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Inquiry Concerning Political Justice
by William Godwin
1793


ENQUIRY CONCERNING POLITICAL JUSTICE
AND ITS INFLUENCE ON MODERN MORALS AND HAPPINESS



BOOK I: OF THE POWERS OF MAN CONSIDERED IN HIS SOCIAL CAPACITY



CHAPTER I



INTRODUCTION



The object proposed in the following work is an investigation concerning that form of public or political society, that system of intercourse and reciprocal action, extending beyond the bounds of a single family, which shall be found most to conduce to the general benefit. How may the peculiar and independent operation of each individual in the social state most effectually be preserved? How may the security each man ought to possess, as to his life, and the employment of his faculties according to the dictates of his own understanding, be most certainly defended from invasion? How may ...

BOOK IV
OF THE OPERATION OF OPINION IN SOCIETIES AND INDIVIDUALS


CHAPTER II

OF REVOLUTIONS



Duty of a citizen as to the constitution of his country. - No scheme of 
   government perfect or final. - Revolutionary measures, during their 
   operation, inimical to independence - and intellectual inquiry. - 
   Period of their operation. - Revolutions accompanied with blood - 
   crude and premature in their effects - uncertain in point of success. 
   - Conviction of the understanding an adequate means of demolishing 
   political abuse. - The progress of conviction not tardy and feeble - not 
   precarious. - Revolutions in some cases to be looked for. 

THE question of resistance is closely connected with that of revolutions. It may be proper therefore, before we dismiss this part of the subject, to enter into some disquisition respecting the nature and effects of that species of event which is common...

Free Political Institutions

Their Nature, Essence, and Maintenance

An Abridgment and Rearrangement of Lysander Spooner's "Trial by jury"


EDITED BY

VICTOR YARROS



LONDON

C. W. DANIEL, LTD.

3, Amen Corner, E.C.
1912


CHAPTER 1: LEGITIMATE GOVERNMENT AND MAJORITY RULE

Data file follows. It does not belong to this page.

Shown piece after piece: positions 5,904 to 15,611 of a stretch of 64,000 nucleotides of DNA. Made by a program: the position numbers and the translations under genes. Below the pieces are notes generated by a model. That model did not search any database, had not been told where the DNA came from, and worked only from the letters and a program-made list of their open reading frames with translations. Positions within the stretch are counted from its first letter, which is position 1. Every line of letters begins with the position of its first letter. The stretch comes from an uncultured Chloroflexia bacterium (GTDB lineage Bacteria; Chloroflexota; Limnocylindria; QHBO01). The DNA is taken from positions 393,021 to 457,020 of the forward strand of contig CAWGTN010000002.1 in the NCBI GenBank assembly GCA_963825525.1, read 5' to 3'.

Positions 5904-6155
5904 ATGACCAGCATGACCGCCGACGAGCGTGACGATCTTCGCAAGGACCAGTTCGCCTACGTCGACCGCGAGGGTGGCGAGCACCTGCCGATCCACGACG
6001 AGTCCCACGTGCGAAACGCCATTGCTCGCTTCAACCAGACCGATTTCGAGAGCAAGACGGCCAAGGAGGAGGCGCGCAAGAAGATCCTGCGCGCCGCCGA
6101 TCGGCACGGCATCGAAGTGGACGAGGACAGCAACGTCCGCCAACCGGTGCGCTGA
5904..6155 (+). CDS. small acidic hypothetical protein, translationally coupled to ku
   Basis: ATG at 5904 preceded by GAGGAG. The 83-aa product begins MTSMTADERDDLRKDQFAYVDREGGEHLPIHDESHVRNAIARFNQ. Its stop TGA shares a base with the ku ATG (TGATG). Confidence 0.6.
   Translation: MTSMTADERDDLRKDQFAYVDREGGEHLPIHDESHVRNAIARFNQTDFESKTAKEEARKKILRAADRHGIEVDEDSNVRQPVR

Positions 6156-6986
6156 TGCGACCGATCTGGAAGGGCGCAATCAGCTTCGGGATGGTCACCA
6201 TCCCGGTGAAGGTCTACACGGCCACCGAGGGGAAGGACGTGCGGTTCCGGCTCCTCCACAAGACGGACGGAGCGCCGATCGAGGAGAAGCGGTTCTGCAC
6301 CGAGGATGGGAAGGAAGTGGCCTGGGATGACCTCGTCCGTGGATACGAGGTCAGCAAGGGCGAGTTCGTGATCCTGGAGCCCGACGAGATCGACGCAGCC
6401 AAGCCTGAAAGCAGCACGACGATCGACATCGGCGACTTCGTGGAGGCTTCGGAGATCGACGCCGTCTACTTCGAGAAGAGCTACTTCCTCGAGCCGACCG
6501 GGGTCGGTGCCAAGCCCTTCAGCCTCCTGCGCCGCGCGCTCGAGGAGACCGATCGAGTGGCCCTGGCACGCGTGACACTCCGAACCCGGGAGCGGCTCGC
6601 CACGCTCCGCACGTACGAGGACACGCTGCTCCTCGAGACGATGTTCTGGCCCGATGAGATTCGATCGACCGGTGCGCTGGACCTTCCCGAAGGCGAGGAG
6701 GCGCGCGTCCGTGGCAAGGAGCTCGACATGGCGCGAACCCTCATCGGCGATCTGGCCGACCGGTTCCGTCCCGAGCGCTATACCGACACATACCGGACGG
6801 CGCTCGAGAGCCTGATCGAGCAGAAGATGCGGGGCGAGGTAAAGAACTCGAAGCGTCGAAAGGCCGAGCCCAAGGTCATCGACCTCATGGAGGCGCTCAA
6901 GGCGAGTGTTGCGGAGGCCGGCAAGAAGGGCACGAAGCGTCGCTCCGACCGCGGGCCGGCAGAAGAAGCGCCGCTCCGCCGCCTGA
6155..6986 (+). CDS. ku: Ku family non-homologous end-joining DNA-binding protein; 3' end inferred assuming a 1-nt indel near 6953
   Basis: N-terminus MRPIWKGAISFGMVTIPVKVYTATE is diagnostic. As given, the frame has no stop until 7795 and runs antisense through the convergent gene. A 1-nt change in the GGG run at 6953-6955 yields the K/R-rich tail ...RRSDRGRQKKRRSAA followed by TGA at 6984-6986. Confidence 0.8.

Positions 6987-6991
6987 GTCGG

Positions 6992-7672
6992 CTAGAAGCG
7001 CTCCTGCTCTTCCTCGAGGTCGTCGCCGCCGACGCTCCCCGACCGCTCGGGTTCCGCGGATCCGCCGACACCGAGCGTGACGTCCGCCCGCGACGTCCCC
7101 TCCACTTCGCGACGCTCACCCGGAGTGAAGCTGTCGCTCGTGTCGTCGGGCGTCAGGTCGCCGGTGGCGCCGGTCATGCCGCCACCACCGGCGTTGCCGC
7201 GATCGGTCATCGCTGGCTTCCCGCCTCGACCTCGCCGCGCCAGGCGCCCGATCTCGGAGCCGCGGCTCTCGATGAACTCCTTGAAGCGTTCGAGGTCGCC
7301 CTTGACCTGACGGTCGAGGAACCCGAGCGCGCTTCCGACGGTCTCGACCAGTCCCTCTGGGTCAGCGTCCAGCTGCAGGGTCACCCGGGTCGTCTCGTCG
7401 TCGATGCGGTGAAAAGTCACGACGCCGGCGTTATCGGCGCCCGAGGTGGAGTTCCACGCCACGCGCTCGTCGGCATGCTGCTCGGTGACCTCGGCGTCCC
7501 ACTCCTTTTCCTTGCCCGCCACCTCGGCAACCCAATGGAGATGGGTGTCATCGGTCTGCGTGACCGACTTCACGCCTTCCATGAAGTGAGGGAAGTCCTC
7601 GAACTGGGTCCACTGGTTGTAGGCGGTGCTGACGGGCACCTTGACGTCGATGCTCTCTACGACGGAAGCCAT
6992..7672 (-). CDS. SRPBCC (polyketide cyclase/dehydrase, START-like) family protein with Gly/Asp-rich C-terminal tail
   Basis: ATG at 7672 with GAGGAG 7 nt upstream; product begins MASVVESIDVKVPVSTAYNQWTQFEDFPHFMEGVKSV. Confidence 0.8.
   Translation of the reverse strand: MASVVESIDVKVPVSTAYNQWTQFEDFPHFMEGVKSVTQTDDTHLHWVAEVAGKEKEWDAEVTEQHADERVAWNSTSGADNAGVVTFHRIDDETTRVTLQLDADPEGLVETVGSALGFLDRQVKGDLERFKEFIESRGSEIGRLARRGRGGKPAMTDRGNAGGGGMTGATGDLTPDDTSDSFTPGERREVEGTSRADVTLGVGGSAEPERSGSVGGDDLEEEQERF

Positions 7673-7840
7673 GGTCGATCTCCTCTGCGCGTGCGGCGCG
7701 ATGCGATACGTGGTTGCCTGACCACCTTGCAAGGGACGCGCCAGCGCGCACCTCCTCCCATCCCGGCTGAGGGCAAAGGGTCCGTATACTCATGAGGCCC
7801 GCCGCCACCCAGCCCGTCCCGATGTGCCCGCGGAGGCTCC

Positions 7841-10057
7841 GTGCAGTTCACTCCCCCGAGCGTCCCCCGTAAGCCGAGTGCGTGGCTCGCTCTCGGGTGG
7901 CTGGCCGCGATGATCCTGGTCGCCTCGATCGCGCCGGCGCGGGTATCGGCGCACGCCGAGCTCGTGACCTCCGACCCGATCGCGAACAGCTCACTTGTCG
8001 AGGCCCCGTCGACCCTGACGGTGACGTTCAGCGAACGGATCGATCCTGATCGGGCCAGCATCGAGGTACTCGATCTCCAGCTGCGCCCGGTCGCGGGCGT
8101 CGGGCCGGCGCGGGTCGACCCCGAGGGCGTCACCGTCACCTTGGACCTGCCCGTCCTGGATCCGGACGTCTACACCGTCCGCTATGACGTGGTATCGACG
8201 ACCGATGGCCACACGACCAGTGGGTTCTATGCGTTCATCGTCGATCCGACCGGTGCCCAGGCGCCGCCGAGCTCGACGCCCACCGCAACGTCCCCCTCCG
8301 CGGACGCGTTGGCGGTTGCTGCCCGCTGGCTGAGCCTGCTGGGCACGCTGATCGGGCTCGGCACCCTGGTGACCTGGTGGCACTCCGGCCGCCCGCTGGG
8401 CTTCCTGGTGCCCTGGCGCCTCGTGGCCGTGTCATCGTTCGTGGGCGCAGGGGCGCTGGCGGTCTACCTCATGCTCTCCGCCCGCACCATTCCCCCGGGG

The theory of free government is that it is formed by the voluntary contract of the people individually with each other. This is the theory (although it is not, as it ought to be, the fact) in all the governments in the United States, as also in the government of England. The theory assumes that each man who is a party to the government, and contributes to its support, has individually and freely consented to it. Otherwise the government would have no right to tax him for its support, for taxation without consent is robbery. This theory, then, necessarily supposes that th...


Ideas that Have Harmed Mankindfrom "Unpopular Essays" by Bertrand Russell . The misfortunes of human beings may be divided into two classes: First, those inflicted by the non-human environment and, second, those inflicted by other people. As mankind have progressed in knowledge and technique, the second class has become a continually increasing percentage of the total. In old times, famine, for example, was due to natural causes, and although people did their best to combat it, large numbers of them died of starvation. At the present moment large parts of the world are faced with the threat of famine, but although natural causes have contributed to the situation, the principal causes are huma... (From : http://www.geocities.com/Athens/Oracle/2528/br_ide....)


In Praise of IdlenessThis text was first provided by the Massachusetts Green Party, but I found out that they have moved or deleted their page, so now I'm keeping a "mirror" of their text. . In this essay, Lord Bertrand Russell proposes a cut in the definition of full time to four hours per day. As this article was written in 1932, he has not the benefit of knowing that, as we added more wage-earners per family (women entered the work force) and families shrunk (fewer kids), and the means of production become more efficient (better machines) the number of hours each wage-earner must work to support the family has stayed constant. These facts seem to uphold Russell's point. Like most of my generation, I... (From : http://www.geocities.com/Athens/Oracle/2528/br_idl....)